Setting Crew Leaders Up for Job Site Success

In this day and age of challenges finding and retaining quality employees, it’s more important than ever to make sure that your crew leaders – your team – are finding purpose, fulfillment in their work, and success – especially job site success. 

You want to make sure they’re enjoying what they do, that they are problem-solving, and stepping up to the challenges. One of the ways you can do that is set your crew leaders up for success on the jobsite. And you’ll benefit from increased efficiency and productivity to boot.

I believe there’s a place where all of that has to stem from…

Who Controls Job Site Success?


You have to set up your team for success. We could discuss this topic with any member of your team, but in this article, I’m going to zone in on the crew leader, aka foreman.

I ran a crew for about 10 years at Tussey Landscaping. During that time the company grew a lot (from a bit over $1m to $5m). Processes evolved, and I personally learned a lot regarding efficiency, finding purpose in your work, stepping up to the challenge, and looking for ways to make the company and job site more successful.

A key thing that I feel is critical to making everything I rattled off above possible, is that your team, your crew leader, has to see and feel that you are investing in them.

You are…

  1. not asking them to operate with old broken equipment.
  2. providing tools to make their jobs easier.
  3. are setting clear expectations, clear direction, and making sure they are well informed. Communicating the goal.

Communicating goals are so important.

We all need to know when we’ve achieved a good goal. When we’ve hit a milestone. When we have cause to celebrate and high five.

Not doing any of the above is setting them up to fail.

Job Site Success is in the Details

If you send them out to the job, without good details and info on the job to be done, what materials or tools they’re going to need to kick the job off, you are going to see symptoms like guys returning to the shop to get something they forgot, a whole truck full of guys going to your supplier to pick up materials (instead of just one guy), and struggling to get the job done without the proper tools, just for some examples.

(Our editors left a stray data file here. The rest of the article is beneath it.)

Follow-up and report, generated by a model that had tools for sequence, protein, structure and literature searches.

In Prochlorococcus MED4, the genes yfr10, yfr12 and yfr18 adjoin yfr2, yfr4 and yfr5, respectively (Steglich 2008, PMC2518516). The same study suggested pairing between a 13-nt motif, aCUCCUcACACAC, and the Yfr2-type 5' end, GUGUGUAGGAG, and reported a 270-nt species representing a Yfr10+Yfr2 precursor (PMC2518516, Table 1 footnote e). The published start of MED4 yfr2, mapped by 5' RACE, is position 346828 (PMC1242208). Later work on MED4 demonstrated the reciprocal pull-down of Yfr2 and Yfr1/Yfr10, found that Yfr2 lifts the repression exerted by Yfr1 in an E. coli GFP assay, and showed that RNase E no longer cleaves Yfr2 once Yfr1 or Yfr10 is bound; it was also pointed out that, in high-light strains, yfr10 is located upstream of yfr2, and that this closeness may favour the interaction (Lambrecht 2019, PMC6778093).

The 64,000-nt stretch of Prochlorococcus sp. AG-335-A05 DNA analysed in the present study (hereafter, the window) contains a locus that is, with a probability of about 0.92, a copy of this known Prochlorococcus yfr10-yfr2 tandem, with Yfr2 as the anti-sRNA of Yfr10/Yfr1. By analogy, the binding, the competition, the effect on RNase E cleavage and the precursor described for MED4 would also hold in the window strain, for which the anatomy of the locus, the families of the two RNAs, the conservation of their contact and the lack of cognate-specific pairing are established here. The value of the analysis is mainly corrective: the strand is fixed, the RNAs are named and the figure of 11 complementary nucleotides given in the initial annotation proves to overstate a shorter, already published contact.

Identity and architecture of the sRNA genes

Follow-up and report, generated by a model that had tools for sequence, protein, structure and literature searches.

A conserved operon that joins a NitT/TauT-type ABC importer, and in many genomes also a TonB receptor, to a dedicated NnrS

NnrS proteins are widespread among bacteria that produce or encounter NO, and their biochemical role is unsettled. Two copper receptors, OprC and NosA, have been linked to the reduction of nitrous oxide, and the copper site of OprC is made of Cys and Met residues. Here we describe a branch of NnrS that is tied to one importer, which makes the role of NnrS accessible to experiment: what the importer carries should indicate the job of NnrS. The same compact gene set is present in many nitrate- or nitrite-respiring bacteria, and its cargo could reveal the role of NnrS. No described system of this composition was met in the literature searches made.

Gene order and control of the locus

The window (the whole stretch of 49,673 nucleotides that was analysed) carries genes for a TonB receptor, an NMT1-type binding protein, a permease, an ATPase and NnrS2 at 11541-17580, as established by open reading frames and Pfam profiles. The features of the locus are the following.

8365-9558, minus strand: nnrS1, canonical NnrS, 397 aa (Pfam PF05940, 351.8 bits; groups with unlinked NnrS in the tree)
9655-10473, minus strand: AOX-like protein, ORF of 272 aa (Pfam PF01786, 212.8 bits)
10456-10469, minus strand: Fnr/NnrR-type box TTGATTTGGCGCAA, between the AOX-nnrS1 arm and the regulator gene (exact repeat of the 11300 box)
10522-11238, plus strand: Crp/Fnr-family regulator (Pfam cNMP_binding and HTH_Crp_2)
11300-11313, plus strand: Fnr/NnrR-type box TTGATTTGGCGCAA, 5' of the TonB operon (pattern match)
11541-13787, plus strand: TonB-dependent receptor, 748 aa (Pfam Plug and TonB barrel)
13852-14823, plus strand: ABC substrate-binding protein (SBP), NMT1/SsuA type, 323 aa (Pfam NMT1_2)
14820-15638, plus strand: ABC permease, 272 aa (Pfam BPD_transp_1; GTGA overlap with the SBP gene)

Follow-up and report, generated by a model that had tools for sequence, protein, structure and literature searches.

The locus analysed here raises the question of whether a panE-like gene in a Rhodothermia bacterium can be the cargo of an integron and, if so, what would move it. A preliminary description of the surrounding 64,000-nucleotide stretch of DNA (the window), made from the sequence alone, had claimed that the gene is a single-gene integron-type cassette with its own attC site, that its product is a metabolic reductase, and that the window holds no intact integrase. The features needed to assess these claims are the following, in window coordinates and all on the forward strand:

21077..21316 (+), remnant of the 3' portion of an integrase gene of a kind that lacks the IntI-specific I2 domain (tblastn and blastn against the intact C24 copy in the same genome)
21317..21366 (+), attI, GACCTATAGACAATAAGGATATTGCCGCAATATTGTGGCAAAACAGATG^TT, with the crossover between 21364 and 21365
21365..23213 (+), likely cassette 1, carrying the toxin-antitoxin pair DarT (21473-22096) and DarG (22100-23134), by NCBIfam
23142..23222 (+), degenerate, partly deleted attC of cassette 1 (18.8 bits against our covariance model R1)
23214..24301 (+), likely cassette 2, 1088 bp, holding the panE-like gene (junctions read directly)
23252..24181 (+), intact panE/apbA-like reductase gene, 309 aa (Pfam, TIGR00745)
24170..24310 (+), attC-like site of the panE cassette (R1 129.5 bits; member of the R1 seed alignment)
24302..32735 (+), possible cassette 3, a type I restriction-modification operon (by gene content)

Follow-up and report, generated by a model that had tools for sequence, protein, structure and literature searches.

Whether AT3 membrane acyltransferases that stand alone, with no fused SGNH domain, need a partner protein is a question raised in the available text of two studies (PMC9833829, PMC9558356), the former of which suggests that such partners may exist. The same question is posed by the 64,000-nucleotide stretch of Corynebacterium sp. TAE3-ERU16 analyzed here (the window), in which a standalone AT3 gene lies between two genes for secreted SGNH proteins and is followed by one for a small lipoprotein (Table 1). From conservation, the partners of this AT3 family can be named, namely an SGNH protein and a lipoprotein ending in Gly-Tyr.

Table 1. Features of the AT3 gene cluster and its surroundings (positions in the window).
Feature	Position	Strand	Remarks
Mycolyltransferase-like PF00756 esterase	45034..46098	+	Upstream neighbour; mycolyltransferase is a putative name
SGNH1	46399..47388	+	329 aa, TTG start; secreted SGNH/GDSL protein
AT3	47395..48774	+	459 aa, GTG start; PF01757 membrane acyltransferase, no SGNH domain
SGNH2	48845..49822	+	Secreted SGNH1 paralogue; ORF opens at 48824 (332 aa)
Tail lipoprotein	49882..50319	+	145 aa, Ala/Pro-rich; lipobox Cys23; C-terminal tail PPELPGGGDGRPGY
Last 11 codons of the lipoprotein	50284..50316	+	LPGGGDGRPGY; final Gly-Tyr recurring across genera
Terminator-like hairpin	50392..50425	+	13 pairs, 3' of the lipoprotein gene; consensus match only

The root cause of the “failed” examples is coming from the top.


You need to make sure they know things like:

  • What the job is
  • What tools/equipment they’ll need (need to haul out demo debris on day one of the job?)
  • Closest dump site
  • Where the materials/orders for the job are coming from
  • What’s the access like
  • Basic info like name, address, and phone number of the client
  • Material lists with quantities
  • Photos/designs of the job
  • Estimated man hours you expect the job to take. (give them a line in the sand to beat, but be realistic!)

If they know these things, you’ll see a dramatic decrease in people standing around with their hands hanging at their sides, blaming others for mistakes, wasteful practices, wasted time and truck runs, and not having the right tools/equipment/materials with them.

You’ll see an amazing improvement in your crew leader stepping up and taking ownership, coming up with ideas to be more efficient, better planning of deliveries, truck runs, and getting materials to the job.

Over time you’ll see them take pride in their work, and begin to solve challenges on their own that never hit your radar.

Knowledge Equals Success for Everyone

You’ll see far fewer phone tags of your crew bombarding you with questions, asking for this info.

It comes down to the simple fact that if you give them the details they need to do the job well (notes & photos detailing access, tools/materials/equipment needed), and set the expectations (estimated manhours), you’ll see them grow in responsibility and you’re giving them a pathway to autonomy.

If you fail to communicate these details, you’ll see a lack of taking responsibility, everything being someone else’s problem, and wasteful practices. Poor efficiency.

But What About Poor Work Ethic?

Now, I get it, at the end of the day the picture I’m painting of someone taking responsibility if you provide clear details and expectation still requires someone with the basic fundamentals of a good work ethic. Unfortunately, not all humans possess or strive for a solid work ethic.

But at least now you know this: You’ve communicated clear instructions and expectations. You’ve set them up for success. And if they fail to deliver, repeatedly, now you have some concrete things to stand on and call them into account.

Like, “Why did we fail to have the right equipment on the job site? It was clearly spelled out in your instructions that we need that equipment to kick to job off. What happened?”

And you’ll either identify an honest mistake and come up with a solution to not repeat the mistake, or you’ll pull a poor performance out into the open where it can’t hide and/or cast blame.

How Do You Start?